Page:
Review Summary: In a musical genre that seems to generally lack inspiration, variety, and charisma, ODB stood out and thrived by being outlandish, unpredictable, and raunchy. A unique character through and through, ODB was in the booth what he was in real life.
Russell Tyrone Jones was, and is, an exemplary example of ‘black trash’. The man we came to know (as Ol’ Dirty Bastard) and love was, let’s face it, a piece of sh*t. Whether his bizarre antics stemmed from a slight mental disorder or severe drug problems may be unknown, but it’s unarguable that he was a polarizing figure and one colorful character. With a wild, uncivilized demeanor and an unkempt appearance, he was notorious for his ability to stir up controversy. His out-of-studio issues included referring to a female attorney as a “sperm donor” in a court room, being shot on several different occasions, and having multiple run-ins with the law. But the man who referred to himself as Big Baby Jesus was perhaps just as spastic, obnoxious, and outrageous in the studio as he was throughout the course of his personal life. His second solo album is not only indicative of who he was as a musician, but who he was as a person. Sporadic, inconsistent, and unpredictable, Nigga Please
is an engaging listen, sure to entertain, but you may not always like it.
Ol’ Dirty Bastard, in a sense of vocals, had been declining since the Enter the Wu-Tang (36 Chambers)
. On Nigga Please
he’s at a mid point, half slur-rapping, half shouting; kicking and screeching at the microphone from the tip of his lungs. His rapping is a bloody, drunken mess, shouting demands and threats, barely punch lining, much less even saying something coherent. Yet, it’s oddly charming, and he’s got a way with hooks. Strangely enough, his lack of coherence becomes more of a positive than a negative, lacing the album with true spirit – if you could call it that – that it really couldn’t live without.
As crack-addicted as ODB was at this point, he’s incredibly likeable, and in 1999, he had a very great ear for beats. Now his choice of instrumentals was not good in a sense that these beats were of premium quality, but rather, he knew what he liked and went with what fit him. “You Don’t Want To *** With Me” and “I Can’t Wait” are majestic and pulsating, with the former swaying in its splendor, giving ODB. room to scowl over the track, while the later is fast-paced like a late 90’s Busta Rhymes tip. And ODB, being the only other rapper to sound really good over these beats, rips it to shreds without one single quality punch line. Moreover (and strangely enough) The Neptunes’ concrete pop beats sound really good as the backdrop behind his drug induced flow.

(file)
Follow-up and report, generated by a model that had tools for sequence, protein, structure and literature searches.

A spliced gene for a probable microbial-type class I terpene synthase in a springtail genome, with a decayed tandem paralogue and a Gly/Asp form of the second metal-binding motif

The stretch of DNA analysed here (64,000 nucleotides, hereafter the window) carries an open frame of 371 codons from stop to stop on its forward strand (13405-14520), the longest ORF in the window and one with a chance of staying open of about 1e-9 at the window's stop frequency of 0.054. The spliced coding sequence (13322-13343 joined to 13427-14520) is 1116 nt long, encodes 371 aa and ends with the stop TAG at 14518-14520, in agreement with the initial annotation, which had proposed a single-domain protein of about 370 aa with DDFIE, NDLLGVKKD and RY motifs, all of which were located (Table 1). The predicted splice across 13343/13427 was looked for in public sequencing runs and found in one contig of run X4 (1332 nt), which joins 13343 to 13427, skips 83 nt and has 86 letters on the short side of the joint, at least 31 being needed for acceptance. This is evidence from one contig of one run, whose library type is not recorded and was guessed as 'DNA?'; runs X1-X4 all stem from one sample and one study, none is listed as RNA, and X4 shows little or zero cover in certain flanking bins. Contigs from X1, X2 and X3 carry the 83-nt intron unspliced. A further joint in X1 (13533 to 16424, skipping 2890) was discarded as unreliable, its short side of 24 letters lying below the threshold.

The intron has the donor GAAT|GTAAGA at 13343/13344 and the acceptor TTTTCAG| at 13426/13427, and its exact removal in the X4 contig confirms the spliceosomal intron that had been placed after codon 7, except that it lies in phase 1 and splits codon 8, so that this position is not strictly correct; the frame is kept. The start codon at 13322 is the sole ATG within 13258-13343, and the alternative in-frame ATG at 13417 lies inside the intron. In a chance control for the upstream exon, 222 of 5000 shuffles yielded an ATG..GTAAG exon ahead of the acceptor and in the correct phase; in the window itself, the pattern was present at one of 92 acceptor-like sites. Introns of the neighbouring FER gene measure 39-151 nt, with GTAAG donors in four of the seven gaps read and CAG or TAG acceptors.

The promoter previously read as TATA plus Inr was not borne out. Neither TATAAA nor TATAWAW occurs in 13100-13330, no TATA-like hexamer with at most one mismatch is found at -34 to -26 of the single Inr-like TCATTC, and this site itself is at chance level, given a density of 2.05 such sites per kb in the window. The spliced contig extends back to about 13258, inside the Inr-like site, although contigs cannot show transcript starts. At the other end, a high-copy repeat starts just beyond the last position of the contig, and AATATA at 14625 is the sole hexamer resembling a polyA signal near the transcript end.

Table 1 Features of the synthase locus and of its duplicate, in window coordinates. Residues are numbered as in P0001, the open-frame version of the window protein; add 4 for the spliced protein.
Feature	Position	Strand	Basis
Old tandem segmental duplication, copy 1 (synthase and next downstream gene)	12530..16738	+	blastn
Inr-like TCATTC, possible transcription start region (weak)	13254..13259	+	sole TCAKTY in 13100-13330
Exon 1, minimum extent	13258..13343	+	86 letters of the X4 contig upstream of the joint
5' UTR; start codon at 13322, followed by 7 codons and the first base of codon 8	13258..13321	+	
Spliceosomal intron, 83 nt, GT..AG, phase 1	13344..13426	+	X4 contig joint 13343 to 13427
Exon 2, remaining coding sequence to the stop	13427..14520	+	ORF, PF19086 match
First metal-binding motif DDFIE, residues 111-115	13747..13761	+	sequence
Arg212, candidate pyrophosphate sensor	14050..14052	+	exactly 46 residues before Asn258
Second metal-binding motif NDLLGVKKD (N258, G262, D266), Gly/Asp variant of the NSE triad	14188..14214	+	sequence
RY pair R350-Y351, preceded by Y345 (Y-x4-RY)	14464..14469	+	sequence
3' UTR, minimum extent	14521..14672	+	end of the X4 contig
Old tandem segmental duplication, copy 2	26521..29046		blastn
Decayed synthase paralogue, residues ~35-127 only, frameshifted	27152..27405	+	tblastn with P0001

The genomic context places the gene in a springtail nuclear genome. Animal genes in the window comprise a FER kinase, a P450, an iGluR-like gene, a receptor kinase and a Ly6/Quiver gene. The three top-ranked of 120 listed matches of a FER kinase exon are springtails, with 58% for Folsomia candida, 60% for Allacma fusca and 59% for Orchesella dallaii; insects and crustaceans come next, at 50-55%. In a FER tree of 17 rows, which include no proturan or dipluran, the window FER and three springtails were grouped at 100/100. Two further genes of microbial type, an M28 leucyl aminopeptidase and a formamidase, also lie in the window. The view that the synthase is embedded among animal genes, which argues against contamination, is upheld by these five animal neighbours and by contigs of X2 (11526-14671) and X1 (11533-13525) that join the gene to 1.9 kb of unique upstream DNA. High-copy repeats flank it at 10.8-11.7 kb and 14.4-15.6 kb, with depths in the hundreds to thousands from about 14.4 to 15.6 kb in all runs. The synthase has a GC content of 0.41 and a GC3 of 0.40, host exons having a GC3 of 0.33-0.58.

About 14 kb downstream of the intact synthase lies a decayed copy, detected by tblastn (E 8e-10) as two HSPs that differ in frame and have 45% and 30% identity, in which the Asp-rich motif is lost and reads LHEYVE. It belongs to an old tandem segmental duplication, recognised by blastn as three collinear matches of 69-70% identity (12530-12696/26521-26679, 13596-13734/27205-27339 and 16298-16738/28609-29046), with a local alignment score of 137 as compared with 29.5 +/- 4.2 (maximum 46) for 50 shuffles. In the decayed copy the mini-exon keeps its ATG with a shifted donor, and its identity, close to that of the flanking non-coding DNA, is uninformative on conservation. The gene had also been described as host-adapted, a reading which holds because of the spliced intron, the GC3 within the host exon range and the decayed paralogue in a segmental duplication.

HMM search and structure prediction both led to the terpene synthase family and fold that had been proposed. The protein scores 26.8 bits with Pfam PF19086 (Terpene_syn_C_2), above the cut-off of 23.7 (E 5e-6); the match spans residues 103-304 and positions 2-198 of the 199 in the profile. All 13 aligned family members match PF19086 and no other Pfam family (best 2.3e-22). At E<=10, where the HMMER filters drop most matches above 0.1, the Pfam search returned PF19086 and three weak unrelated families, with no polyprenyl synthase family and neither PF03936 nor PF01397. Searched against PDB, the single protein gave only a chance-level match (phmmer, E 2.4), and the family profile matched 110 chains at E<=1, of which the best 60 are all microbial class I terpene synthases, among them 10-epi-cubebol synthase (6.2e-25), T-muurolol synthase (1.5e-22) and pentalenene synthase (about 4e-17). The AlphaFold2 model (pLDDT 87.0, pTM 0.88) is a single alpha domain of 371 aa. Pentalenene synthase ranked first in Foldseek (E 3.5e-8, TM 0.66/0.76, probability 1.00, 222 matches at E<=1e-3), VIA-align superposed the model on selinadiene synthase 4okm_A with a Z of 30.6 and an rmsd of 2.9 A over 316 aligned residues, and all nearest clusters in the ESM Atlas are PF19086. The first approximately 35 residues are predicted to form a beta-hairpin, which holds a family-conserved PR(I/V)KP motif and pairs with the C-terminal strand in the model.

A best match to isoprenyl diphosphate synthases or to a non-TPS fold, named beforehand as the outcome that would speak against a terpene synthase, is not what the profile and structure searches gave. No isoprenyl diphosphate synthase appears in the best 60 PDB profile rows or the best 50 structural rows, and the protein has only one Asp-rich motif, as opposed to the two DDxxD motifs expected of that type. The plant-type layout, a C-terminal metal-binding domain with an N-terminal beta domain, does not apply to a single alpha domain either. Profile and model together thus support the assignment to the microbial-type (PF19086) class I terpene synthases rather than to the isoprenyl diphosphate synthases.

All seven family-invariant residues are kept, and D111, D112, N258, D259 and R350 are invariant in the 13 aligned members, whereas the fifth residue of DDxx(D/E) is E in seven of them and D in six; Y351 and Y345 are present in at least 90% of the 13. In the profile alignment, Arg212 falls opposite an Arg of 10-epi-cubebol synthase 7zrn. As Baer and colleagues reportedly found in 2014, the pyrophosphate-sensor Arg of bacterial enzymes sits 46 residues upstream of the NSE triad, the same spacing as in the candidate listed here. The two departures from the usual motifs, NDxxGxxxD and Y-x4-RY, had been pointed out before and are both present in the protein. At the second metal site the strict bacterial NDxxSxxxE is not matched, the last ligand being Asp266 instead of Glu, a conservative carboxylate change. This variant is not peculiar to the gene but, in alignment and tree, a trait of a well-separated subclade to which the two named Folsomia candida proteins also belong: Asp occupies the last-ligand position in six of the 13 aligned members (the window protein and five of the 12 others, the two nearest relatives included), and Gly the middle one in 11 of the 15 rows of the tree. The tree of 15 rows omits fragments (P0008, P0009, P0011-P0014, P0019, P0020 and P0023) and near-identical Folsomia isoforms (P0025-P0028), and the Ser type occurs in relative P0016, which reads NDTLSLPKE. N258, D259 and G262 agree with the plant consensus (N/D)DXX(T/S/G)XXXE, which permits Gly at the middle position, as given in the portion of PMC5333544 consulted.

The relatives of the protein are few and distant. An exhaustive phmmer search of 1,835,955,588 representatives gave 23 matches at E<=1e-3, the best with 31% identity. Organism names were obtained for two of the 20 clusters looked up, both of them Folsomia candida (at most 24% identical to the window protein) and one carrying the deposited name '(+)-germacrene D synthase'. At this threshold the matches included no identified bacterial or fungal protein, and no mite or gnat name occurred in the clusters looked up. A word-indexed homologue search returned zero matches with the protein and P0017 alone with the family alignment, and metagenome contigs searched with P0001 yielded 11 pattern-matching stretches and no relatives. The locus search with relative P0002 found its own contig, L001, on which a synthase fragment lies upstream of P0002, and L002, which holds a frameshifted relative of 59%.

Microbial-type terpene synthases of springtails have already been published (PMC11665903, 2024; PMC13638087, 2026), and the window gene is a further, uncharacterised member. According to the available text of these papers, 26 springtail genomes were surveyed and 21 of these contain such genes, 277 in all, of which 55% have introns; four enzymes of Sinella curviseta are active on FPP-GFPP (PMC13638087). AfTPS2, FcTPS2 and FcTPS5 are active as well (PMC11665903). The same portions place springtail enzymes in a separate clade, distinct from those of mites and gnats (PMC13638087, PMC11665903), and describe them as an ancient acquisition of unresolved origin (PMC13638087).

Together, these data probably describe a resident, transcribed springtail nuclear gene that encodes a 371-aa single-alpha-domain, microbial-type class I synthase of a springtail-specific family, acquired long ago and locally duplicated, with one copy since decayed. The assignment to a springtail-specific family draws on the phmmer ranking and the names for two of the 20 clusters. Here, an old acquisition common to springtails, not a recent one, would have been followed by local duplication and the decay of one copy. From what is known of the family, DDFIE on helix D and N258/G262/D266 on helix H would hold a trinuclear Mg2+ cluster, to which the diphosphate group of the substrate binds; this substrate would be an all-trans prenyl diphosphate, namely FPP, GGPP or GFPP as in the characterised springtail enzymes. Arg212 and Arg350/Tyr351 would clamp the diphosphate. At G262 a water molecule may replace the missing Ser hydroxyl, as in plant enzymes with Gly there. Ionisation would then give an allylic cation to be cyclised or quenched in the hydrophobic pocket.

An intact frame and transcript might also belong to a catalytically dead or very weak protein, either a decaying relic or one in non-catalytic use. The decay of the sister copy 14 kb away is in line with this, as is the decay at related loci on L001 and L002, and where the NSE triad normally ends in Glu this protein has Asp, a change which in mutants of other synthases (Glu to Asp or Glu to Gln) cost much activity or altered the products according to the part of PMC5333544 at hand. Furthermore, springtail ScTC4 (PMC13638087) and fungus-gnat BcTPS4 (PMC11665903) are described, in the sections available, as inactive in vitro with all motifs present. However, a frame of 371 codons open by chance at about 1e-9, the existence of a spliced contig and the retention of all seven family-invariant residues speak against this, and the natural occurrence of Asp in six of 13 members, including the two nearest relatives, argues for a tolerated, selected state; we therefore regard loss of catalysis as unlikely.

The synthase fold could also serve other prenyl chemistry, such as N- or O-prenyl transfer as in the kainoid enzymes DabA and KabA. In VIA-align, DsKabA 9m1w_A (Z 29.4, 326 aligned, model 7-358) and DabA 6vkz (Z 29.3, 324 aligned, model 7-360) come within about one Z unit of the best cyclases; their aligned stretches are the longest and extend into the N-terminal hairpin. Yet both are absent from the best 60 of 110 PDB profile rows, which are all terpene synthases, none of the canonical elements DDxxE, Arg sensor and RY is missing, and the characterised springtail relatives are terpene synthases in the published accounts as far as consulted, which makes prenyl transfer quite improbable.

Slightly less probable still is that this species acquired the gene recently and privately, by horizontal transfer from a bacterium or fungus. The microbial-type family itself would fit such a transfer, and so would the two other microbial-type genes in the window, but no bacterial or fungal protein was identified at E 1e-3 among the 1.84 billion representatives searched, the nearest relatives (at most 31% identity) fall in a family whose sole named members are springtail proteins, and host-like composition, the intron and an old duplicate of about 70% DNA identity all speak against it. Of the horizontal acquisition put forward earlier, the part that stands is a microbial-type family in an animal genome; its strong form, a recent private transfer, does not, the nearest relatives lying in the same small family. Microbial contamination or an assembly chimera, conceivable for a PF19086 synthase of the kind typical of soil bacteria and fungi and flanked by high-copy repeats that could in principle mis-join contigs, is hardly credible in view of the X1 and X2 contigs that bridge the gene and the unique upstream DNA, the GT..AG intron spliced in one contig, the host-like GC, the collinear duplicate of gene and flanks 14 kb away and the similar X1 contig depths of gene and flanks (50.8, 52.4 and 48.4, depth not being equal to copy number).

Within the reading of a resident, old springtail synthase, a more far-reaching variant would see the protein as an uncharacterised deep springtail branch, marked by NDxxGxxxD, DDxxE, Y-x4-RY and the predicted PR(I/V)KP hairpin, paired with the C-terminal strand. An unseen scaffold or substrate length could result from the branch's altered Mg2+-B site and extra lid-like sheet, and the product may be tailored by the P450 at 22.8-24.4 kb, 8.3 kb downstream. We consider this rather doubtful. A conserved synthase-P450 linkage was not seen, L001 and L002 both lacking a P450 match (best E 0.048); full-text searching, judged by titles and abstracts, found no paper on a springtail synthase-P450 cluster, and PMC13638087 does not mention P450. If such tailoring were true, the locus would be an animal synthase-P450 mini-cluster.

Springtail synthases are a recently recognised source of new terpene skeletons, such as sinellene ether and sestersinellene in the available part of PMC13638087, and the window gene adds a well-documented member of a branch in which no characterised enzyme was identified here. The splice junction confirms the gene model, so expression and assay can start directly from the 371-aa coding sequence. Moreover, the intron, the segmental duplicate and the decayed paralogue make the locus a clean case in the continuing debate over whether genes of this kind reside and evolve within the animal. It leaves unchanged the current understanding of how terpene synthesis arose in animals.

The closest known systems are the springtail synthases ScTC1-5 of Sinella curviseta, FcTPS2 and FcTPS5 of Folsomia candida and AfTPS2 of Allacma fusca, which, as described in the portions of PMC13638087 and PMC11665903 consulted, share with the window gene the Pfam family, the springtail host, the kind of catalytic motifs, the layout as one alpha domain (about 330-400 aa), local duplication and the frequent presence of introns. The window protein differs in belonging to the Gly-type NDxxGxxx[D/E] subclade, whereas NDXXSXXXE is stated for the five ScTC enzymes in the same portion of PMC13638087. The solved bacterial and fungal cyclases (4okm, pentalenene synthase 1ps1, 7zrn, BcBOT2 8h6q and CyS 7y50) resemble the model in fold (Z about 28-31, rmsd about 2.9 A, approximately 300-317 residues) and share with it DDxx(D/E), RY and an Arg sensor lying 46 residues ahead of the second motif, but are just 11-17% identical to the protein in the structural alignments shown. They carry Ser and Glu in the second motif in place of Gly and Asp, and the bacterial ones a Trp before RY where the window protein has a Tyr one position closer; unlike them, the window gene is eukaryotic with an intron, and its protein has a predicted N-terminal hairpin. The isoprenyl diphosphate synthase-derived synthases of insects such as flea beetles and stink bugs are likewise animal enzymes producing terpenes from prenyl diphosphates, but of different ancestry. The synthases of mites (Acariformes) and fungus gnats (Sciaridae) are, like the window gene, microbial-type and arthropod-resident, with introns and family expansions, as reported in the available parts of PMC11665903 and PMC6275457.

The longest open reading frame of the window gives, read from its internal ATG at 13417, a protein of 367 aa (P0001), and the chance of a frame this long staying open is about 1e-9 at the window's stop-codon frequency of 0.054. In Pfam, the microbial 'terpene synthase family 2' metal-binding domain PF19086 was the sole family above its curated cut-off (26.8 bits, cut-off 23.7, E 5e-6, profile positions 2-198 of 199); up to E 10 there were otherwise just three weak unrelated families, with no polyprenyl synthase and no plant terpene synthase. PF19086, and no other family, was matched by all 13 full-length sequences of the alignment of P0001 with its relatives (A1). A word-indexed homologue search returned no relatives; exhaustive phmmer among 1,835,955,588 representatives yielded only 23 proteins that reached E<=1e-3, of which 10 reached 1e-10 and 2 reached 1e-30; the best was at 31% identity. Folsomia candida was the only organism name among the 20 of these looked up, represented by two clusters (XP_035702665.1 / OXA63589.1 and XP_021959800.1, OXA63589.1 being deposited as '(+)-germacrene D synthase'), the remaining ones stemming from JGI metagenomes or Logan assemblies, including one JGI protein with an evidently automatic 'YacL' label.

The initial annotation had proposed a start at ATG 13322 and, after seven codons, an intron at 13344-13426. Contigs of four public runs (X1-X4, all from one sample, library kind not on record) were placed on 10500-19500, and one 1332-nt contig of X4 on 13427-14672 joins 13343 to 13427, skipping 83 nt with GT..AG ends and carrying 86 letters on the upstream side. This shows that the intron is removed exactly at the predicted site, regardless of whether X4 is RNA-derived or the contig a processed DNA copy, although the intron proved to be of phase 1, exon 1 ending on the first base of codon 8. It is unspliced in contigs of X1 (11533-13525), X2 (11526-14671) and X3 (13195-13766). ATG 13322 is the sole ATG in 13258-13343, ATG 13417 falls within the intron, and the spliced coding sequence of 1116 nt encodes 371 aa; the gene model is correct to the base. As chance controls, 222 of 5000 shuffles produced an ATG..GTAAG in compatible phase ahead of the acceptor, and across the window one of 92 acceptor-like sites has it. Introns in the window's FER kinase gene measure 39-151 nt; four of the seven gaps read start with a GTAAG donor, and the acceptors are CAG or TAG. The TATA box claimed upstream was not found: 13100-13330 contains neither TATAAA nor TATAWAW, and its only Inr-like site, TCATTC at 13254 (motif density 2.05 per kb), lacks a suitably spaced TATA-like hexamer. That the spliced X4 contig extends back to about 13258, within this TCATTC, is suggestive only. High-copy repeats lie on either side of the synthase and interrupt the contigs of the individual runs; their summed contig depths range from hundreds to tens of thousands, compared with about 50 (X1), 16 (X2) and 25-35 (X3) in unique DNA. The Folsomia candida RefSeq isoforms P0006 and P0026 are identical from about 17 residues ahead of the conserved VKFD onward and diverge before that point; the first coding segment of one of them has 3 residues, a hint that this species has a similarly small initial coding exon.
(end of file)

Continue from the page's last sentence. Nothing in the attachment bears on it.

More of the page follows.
In terms of songs, ODB’s quality choice of beats and incoherence come together to form palatable songs that somehow work. “Cold Blooded”, a cover of the Rick James hit, is laced with bouncy organs, claptrap drums, and overall solid structure in pure Neptunes fashion, only to be derailed perfectly by ODB., who’s raspy, purposefully karaoke-esqe singing is drawling to say the least. Surprisingly enough, it’s one of the catchiest numbers of the record. “Got Your Money” has a ‘cute’ little couplet in “I don’t have no trouble with you ***in’ me/ But I have a little problem with you not f**kin’ me”, and it shows the true art of ODB.’s recklessness, as he truly did not give a f**k, as any other artist handling the line would be called on it. He’s easily the worst Wu-Tanger lyrically other than the gibberish babble of U-God, but it’d be hard not to call him also one of the best songwriters, as he infused every song with his distinctive wild-man personality. He’s a trademark, and it’s one reason why he’s legions above most of his piers.
However, there are enormous flaws to be found throughout the record’s duration. Other than ODB’s obvious lack of ‘lyrical swords’, weed carriers run rampart on a couple of songs, and ultimately spoil some tracks. “Getting High” is the most Wu-sounding song on the record, but it’s ruined by Shorty Sh*t Stain, most overrated Wu-B-Teamer La The Darkman, and 12’O’Clock. “Dirt Dog” is ridden with one of the most plain, trite beats out there, and “I Want Pussy” is just scary and insanely stupid, beyond the levels that would garner it appreciation. One thing that’s even worse, ODB actually mixes some lyricism from his early Wu records in here on one song. The title track mixes RZA’s madly driven guitar/horn mess with Ol’ Dirt going at his enemies with a hunger we haven’t heard from him since the Clan’s debut. It’s campy, it’s great, and ODB never sounds more comfortable on the record with his writing abilities.
In a musical genre that seems to generally lack inspiration, variety, and charisma, ODB stood out and thrived by being outlandish, unpredictable, and raunchy. A unique character through and through, ODB was in the booth what he was in real life. He was true to himself, and true to his music until the day he died of (you guessed it) a drug overdose two days before his 36th
birthday. ODB, we hardly knew ye. He died
R.I.P. Russell "Ol' Dirty Bastard" Jones (November 15, 1968 – November 13, 2004)